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How baseball road trips reconnect friends

by Staff

ATLANTA – The only thing better than going to an MLB ballpark? Going with friends.

In the modern world, filled with technology and fast-moving lifestyles, taking in a baseball game is one of the best ways you can spend with someone you don’t live with.

Think about it. It’s nearly impossible to get people to talk on the phone for five minutes, let alone spend personal time with someone in person for hours. It just doesn’t happen. Most simply won’t commit two or three hours of leisure time to another person.

But that’s exactly what you do when you agree to catch a ballgame. It’s my go-to to reconnect with friends. Not only can you watch the game, but also talk and share our lives and feelings in the process.

That’s why I embarked on the ultimate MLB vacation — 10 MLB games in 10 days, covering nine different cities (Chicago twice). It started May 18 at Citi Field in New York. Then it was off to Cincinnati, St. Louis, Chicago (White Sox), Cleveland, Chicago (Cubs), Milwaukee, Detroit and Kansas City. The bucket list vacation ended on Saturday in Atlanta.

You might wonder why a long time sportswriter — who began covering MLB in 1986 — would go to baseball games for vacation. It’s simple. There’s not a better way to de-stress with food, friends and fresh air.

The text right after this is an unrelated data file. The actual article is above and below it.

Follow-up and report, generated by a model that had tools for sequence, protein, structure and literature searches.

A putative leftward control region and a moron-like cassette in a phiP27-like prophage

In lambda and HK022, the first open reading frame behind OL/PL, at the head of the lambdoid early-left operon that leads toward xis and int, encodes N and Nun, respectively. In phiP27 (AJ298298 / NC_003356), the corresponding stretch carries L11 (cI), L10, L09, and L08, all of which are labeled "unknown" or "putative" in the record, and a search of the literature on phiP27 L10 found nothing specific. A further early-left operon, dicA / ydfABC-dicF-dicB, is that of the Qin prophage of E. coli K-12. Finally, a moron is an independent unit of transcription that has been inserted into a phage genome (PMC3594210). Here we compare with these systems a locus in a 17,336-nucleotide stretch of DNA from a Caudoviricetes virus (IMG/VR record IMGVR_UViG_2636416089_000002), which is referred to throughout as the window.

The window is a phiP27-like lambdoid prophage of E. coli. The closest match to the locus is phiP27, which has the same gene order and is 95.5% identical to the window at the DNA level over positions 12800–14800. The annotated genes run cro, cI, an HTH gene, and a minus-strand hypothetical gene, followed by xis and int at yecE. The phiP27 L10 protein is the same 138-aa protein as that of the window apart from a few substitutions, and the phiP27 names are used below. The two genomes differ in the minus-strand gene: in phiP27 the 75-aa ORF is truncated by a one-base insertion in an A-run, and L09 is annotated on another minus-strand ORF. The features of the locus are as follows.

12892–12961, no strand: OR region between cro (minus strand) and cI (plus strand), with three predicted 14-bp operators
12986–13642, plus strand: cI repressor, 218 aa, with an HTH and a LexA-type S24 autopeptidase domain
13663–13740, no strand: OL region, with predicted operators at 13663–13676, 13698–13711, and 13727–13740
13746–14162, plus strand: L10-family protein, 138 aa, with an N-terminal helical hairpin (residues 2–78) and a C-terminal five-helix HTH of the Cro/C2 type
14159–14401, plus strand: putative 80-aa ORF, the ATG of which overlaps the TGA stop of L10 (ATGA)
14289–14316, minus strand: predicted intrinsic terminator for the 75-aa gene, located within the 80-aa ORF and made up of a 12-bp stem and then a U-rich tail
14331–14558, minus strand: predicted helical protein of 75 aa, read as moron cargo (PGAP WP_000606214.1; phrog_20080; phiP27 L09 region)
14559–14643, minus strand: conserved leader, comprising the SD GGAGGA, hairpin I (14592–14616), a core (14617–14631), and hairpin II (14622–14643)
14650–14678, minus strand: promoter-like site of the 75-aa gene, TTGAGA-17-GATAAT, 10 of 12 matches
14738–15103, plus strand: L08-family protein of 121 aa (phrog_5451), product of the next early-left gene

Other sports don’t give you quite the same environment. The rhythm of the game doesn’t allow for conversation or bonding in exactly the same way. Your experience at other games could be closer to sitting next to a stranger, considering the attention span needed to track everything happening.

Not when it comes to baseball, however.

Baseball is comfort food for the soul. It’s a comfortable chair, a warm cup of tea, the radio playing in the background. Indeed, there’s plenty of excitement and reason to yell your head off. But there are those other moments when friends are free to chat, catch up and share thoughts and ideas. That’s what makes baseball special, the national pastime. The game is a soundtrack to our lives.

Take my first stop. The Rays vs. the Mets at Citi Field. It was my high school friend’s birthday. I bought Ben his ticket as a gift. We graduated from Martin Van Buren H.S. in Queens Village, New York in 1982. Back then, Ben and I always talked and followed the Mets. It was our bond, the link to us becoming friends in the first place. And 41 years later, we still share a bond. The conversation is different now. He talks about his grandkids in between must-see at-bats by Pete Alonso.

Going back to Cincinnati is like going home, even though I was born in New York. It was there my career took off as the Cincinnati Reds’ beat writer for the Cincinnati Enquirer in 1991. The best part about going there is seeing all my friends I left behind, like having lunch with retired Hall of Fame Reds’ broadcaster Marty Brennaman. We laughed so much my lungs hurt. I also saw Hall of Fame shortstop Barry Larkin, who is now a TV broadcaster for the team. The memory-filled conversations were heartwarming, refreshing.